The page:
• Third, the deck is very all-in. While technically Umbral Mantle and Polymorph are two separate plans, they both work in a similar manner (cantrip into combo pieces, activate a creatureland, hope it doesn't die, win the game). We don't really have a good way of interacting with our opponent's stuff once it hits the battlefield, and many of our counterspells are narrow and designed to protect our combos, rather than to keep our opponent from killing us. While we certainly have examples of good all-in combo decks, if a combo deck is going to leave interaction and defense by the wayside, it needs to be fast and consistent. 
  • Finally, Umbral Mantle Combo just wasn't very fast, compared to the other decks in Modern. If everything goes perfectly, we can Polymorph on Turn 5 without any protection or Turn 6 with protection, while the Umbral Mantle kill can happen as early as Turn 4 (although, as we talked about a moment ago, it isn't a guaranteed win thanks to opposing fliers). 
  • Now, all this isn't to say that the deck is unplayable. We actually did pull off some wins with it, but to me, it felt more like an Against the Odds deck than a build that was ready to compete in Modern. If you look a bit deeper at our record, one of our wins came because our opponent scooped to Polymorph (not knowing that we had our only Emrakul, the Aeons Torn in hand and if they didn't scoop, we would have), and another came against a GW Lifegain deck that was extremely low powered, which means we could very easily be talking about how the deck went 1-6. 
  • So, it is possible to fix up the deck? Here, I'm not 100% sure. While adding more copies of Echoing Truth to the sideboard will help, the deck still suffers from the fact that all of its combo pieces don't do anything on their own. Training Grounds is only good if we are going infinite with Umbral Mantle, and Umbral Mantle only does anything if we have a Training Grounds and a creatureland. This means a lot of slots in the deck have to be dedicated to the combo, which doesn't leave much room for anything else. While it would make the deck more expensive, one possibility would be splashing another color (maybe black) for some removal like Fatal Push and maybe even a sweeper or two, along with good sideboard cards like Duress and Thoughtseize. This would give the deck at least some interaction and perhaps even the ability to catch back up if it falls behind on board.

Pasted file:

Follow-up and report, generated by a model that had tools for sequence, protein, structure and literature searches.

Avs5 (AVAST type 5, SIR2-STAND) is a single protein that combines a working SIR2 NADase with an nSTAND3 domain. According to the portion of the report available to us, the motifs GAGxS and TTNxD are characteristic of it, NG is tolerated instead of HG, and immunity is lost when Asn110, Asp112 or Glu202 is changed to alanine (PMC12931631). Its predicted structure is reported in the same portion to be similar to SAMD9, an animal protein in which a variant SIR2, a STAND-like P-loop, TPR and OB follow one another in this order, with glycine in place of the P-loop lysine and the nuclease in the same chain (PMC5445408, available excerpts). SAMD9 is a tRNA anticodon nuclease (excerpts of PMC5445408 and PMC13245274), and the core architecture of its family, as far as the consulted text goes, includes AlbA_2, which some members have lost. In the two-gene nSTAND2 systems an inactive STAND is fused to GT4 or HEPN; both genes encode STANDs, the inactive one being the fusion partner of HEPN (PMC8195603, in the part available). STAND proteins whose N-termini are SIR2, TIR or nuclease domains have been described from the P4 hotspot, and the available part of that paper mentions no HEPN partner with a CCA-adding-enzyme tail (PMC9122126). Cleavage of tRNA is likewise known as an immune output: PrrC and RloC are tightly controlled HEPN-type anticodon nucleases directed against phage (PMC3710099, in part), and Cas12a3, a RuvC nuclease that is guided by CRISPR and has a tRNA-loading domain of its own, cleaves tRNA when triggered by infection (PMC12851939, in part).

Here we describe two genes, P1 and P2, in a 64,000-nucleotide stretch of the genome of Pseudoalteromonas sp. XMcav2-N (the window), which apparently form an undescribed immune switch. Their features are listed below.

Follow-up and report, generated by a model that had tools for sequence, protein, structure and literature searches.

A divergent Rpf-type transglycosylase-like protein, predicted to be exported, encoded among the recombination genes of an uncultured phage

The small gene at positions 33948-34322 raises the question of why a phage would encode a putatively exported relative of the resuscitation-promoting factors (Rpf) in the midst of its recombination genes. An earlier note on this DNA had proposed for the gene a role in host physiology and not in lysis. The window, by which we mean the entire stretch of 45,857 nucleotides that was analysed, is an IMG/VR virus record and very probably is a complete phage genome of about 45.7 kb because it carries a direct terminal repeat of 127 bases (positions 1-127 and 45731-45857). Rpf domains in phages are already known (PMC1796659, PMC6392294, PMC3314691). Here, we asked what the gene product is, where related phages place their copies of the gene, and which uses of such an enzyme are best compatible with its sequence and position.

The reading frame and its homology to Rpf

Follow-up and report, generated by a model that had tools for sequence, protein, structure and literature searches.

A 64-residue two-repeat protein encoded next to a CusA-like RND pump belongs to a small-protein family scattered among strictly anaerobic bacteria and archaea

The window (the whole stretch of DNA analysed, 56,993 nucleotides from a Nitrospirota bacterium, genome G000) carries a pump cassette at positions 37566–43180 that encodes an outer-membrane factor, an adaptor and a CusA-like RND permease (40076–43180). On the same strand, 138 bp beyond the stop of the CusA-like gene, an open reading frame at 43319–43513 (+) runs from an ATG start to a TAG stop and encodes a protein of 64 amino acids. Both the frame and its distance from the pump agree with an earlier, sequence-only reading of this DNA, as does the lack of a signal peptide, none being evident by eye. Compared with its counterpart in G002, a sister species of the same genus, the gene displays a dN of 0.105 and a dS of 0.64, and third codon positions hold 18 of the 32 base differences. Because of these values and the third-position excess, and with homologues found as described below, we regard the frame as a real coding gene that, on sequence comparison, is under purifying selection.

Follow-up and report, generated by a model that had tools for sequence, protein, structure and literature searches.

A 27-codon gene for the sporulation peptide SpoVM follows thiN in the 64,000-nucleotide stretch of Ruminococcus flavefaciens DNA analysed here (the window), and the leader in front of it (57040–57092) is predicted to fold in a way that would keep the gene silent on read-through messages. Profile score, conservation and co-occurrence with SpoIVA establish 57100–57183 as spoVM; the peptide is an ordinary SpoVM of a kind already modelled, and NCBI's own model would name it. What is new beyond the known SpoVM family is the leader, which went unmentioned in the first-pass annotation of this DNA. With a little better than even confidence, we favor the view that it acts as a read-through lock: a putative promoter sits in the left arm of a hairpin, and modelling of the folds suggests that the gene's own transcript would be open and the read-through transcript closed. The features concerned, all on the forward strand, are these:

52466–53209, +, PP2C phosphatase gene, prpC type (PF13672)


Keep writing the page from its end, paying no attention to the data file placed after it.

• All in all, the deck felt like a fine way to get your "I won with Umbral Mantle in Modern" merit badge but not much else. More importantly (and surprisingly), I didn't even find the deck to be all that fun to play, since we are so low in interaction. It felt like we were just waiting for our opponent to kill us and hoping that we would manage to top deck combo pieces before that happened. 
  • So, should you play Umbral Mantle Combo in Modern? I think it can be a fine, relatively cheap option to play for fun, and winning with Umbral Mantle itself is super cool, but as far as actually winning tournaments, I'd probably head another direction. If you're looking for a goldfish-style Modern combo deck in the $300 range, No-Fetch Storm is likely the way to go, giving you the same combo potential but also the possibility of winning some tournaments. 

Conclusion

Anyway, that's all for today. Don't forget to vote for next week's deck by liking, commenting on, and subscribing to Instant Deck Tech videos. As always, leave your thoughts, ideas, opinions, and suggestions in the comments, and you can reach me on Twitter @SaffronOlive or at SaffronOlive@MTGGoldfish.com.